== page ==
Direct current within EHV drive systems is outputted at much higher levels than typical alternating current. Prolonged exposure can cause thermal damage to the human body, including burns and cell tissue modifications. In addition, the practice of arcing when dividing direct current circuits with high inductivity requires special attention, as improper alternating current handling can cause seizures (from holding onto the current source), respiratory and cardiac arrhythmias or cardiac arrest. This is due to overlapping electrical signals in the human central nervous system to those within the drive system under test, with potential negative consequences even at currents of approximately 20 to 50 mA. Thus, it is highly recommended that testing be conducted solely by experts with extensive specialty training as “high-voltage electricians.” IEC 61010-1 also sets forth instrumentation requirements for EHV testing. In addition, the following safety guidelines are recommended by the European VDE Association for Electrical, Electronic & Information Technologies:

1. Disconnection: Open disconnection of high-voltage battery (Image 3)
2. Protect against connection: Removal of fuse link
3. Disconnection verification: Ensure suitable voltage detector, pre-check
4. Earthing and short-circuiting: Verify use of a suitable cable set (including at multi on-board systems)
5. Covering of adjacent live parts: Suggested use of a suitable rubber grounding mat (including at multi on-board systems)

Understanding Risks

As shown in Figure 3, a typical high-voltage on-board system design is similar to an IT network. In other words, the on-board system does not have a low ohmic connection to conductive parts, such as a vehicle body or chassis. To avoid risks of electrostatic discharge, both pins are high-ohmically connected to the vehicle mass via a RC-element. Connection security and safety should always be checked prior to working on the vehicle.mobile measurement tech figure 3

As the schematic illustrates, a simple system insulation error (single connection to vehicle mass) poses no potential dangers, provided that no other simultaneous insulation errors occur. To ensure safety, any first insulation errors must be immediately detected and fixed. Best practice is to ensure proper insulation control of both high-voltage conductors against the vehicle mass. When insulation falls below minimum value, the system must be immediately checked and repaired, though shutdown is not required. Within an EHV drive system, vehicle mass is at half-system voltage, or 500 V and 250 V, meaning that all onboard measurement devices, including data acquisition, absolutely require galvanically isolated insulation to avoid errors and risk of injury.

In addition, suitable measuring cables must also be safely assembled and maintained. Common in-laboratory slotted lines are insufficient for this type of testing. Look for high-voltage conductor wires that are double insulated with true white core insulation beneath the black or red thin external insulation, allowing for easy detection of minor damages and cable replacement before a potential safety risk can occur. Another protective measure is use of a pre-scaler with the high-voltage cable. This accessory is directly positioned at the contact measurement point and typically integrated into the terminal plug or a separate casing, such as the high-voltage current limiter (Image 6). The limiter maintains system current to a maximum value of 2 mA, far below harmful human levels. Use of a current limiter avoids potential system short-circuits or arcing conditions arising from subsequent measurement errors.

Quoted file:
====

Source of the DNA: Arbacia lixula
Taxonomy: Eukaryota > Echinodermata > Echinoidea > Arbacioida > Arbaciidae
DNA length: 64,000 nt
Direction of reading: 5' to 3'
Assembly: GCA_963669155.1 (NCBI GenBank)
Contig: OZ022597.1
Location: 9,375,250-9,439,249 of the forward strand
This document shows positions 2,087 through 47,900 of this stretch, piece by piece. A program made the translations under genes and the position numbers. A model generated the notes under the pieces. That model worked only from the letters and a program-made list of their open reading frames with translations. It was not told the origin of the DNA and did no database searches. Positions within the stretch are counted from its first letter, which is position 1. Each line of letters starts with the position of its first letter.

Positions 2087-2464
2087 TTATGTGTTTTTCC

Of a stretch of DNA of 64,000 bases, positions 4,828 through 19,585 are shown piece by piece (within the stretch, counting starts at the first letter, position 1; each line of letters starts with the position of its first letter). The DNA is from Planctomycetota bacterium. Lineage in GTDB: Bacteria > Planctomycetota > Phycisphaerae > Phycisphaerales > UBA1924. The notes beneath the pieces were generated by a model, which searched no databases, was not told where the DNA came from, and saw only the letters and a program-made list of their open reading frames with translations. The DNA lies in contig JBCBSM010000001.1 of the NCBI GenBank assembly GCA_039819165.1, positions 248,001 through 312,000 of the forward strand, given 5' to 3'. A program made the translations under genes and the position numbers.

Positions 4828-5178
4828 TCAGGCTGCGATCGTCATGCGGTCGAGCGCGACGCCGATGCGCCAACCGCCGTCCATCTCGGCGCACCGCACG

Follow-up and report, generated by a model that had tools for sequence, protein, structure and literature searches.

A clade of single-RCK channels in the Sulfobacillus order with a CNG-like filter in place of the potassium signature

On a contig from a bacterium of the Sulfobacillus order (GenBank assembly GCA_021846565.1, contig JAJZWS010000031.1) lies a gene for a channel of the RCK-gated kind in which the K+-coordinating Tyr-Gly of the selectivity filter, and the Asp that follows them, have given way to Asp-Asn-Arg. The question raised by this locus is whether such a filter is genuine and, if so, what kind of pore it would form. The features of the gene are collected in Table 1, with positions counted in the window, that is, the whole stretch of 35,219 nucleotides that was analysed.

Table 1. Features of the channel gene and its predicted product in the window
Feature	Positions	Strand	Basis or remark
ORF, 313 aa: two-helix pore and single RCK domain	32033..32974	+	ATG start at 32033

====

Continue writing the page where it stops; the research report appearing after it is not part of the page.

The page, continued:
Hardware Requirements

Stringent safety regulations dictate that only IEC category I thru IV measuring devices can be specified to support high-voltage EHV drive testing. The IPETRONIK TÜV-certified high-voltage Iso divider and four-channel high-voltage Iso data acquisition system are authorized for category I applications up to 1000 VDC and category II applications up to 600 VAC, allowing them to meet all high DC-voltage requirements to 1000 V. When measuring with current clamps, the current clamp and subsequent measuring system (e.g. multimeter) must also correspond to the appropriate IEC category. The high-voltage Iso divider, compatible with any IPETRONIK measurement system or category I and II application can also be used to safely apply a high-voltage system current clamp. Another alternative is to use the high-voltage Iso data acquisition system, a compact four-channel system with direct CAN output, for safe and effective power balancing at the direct current area.

Converter Circuit Data Acquisitions

As noted, EHV AC circuit data acquisitions between frequency converter and drive (motor/generator) are less frequently required, as key data is generally collected on the test bench. AC testing requires use of measuring devices which correspond at a minimum to IEC category III, as they must be able to safely handle surges up to 6000 V at a nominal voltage of 600 VAC.

IPETRONIK IPEmotion software includes a special hardware plug-in for power analyzers that configures and acquires data real-time, with online calculations of energy and power balance and use
r-defined signal scaling and acquisition rate settings. Acquired data can be evaluated with IPEmotion™ or directly converted into data formats and saved for further analyses.

For more information about the IPETRONIK EHV drive testing product range, visit www.ipetronik.com